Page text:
Key Takeaways

  • Tooth sensitivity often occurs when gums start to recede and tooth roots are exposed.
  • Tooth sensitivity can cause pain when you eat cold food and drinks and breath in cold air.
  • Tell your dentist if your teeth are sensitive – it can be a sign of something more serious, like gum disease.

Tooth sensitivity happens when the protective enamel on teeth is damaged. Enamel protects the more delicate part of the tooth, called dentin, that lives below the gumline. Dentin has tiny tubes that connect to the tooth’s nerve centre. So when it’s exposed to hot, cold or acidic food or beverages, the result is a shocking pain.

Your dentist needs to know if your teeth are sensitive because the causes can include:

  • Receding gums
  • Gum disease
  • Worn tooth enamel
  • Teeth clenching
  • Worn fillings

Treating sensitivity

Depending on how bad the sensitivity is, your dentist can suggest several ways to treat the problem.

  • Brushing regularly with a special desensitizing toothpaste. This can help seal the tubes of the dentin and act as a protective cover.
  • Using a fluoride rinse or gel may help to harden the enamel, protecting the teeth. Depending on their strength, these rinses or gels are available with or without a prescription. Talk to your dentist about whether this option is right for you — and how often you should use it.
  • There’s also a fluoride varnish your dentist can apply to your teeth. It’s a thick paste with a high concentration of fluoride that’s applied to sensitive teeth every two or three months.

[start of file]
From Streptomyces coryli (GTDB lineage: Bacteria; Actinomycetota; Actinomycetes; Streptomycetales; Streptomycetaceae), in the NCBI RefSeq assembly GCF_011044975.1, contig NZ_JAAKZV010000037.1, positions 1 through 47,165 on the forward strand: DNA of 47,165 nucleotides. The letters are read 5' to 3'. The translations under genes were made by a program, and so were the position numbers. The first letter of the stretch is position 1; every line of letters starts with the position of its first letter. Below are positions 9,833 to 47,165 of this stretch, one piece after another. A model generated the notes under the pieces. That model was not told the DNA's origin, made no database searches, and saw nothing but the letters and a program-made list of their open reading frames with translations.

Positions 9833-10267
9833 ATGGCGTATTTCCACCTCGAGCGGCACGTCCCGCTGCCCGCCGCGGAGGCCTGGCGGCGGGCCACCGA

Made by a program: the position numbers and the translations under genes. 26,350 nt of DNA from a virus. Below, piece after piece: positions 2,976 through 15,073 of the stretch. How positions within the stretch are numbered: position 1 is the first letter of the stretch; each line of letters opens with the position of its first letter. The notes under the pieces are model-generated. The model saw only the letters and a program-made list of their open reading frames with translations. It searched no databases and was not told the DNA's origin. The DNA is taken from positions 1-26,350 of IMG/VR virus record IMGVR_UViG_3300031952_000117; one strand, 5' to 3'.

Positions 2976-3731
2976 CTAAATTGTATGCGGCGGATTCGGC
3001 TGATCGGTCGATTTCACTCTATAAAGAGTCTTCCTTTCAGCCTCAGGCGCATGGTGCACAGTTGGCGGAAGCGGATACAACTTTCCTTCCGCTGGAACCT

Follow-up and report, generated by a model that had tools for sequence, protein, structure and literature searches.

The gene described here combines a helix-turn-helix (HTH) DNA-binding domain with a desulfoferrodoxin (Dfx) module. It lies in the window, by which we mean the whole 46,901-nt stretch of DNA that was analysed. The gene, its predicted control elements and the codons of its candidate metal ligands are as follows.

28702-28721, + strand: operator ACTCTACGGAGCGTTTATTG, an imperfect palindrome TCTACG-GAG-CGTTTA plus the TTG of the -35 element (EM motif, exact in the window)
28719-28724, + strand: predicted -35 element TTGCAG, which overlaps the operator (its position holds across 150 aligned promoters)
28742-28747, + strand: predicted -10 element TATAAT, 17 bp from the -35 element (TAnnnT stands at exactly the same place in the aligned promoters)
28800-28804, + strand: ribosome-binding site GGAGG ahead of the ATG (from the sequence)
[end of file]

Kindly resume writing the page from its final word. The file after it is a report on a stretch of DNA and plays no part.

• Bonding is a more permanent fix where a layer of tooth-coloured composite resin is applied to exposed, sensitive roots. This can provide long-lasting protection from tooth sensitivity.
  • If tooth sensitivity is a direct result of teeth grinding, your dentist can fit you with a customized mouth guard to wear while you’re sleeping and protect your teeth from more damage.

How to help prevent tooth sensitivity

  • Keep your teeth clean. Plaque forms bacteria that irritate your gums and may make them recede.
  • Use desensitizing toothpaste and fluoridated dental products.
  • Use a soft toothbrush that won’t scratch tooth enamel or wear away gum tissue and brush gently using a circular motion.
  • Use warm water when brushing your teeth to soften your toothbrush’s bristles.
  • Avoid tobacco in any form. In addition to its cancer-causing effects, smoking cigarettes or chewing tobacco may cause gums to recede.
  • Reduce your intake of acidic foods and sugary snacks and drinks.

What to look out for

You should always tell your dentist if your teeth are sensitive to hot, cold or sweet, but you should call your dentist at once if you experience any of these symptoms:

  • Your teeth are also sensitive to pressure.
  • Your tooth sensitivity doesn’t decrease after using desensitizing toothpaste for a few weeks.
  • The pain from tooth sensitivity lasts longer than one hour.
  • The gums around your sensitive teeth appear to be changing colour.

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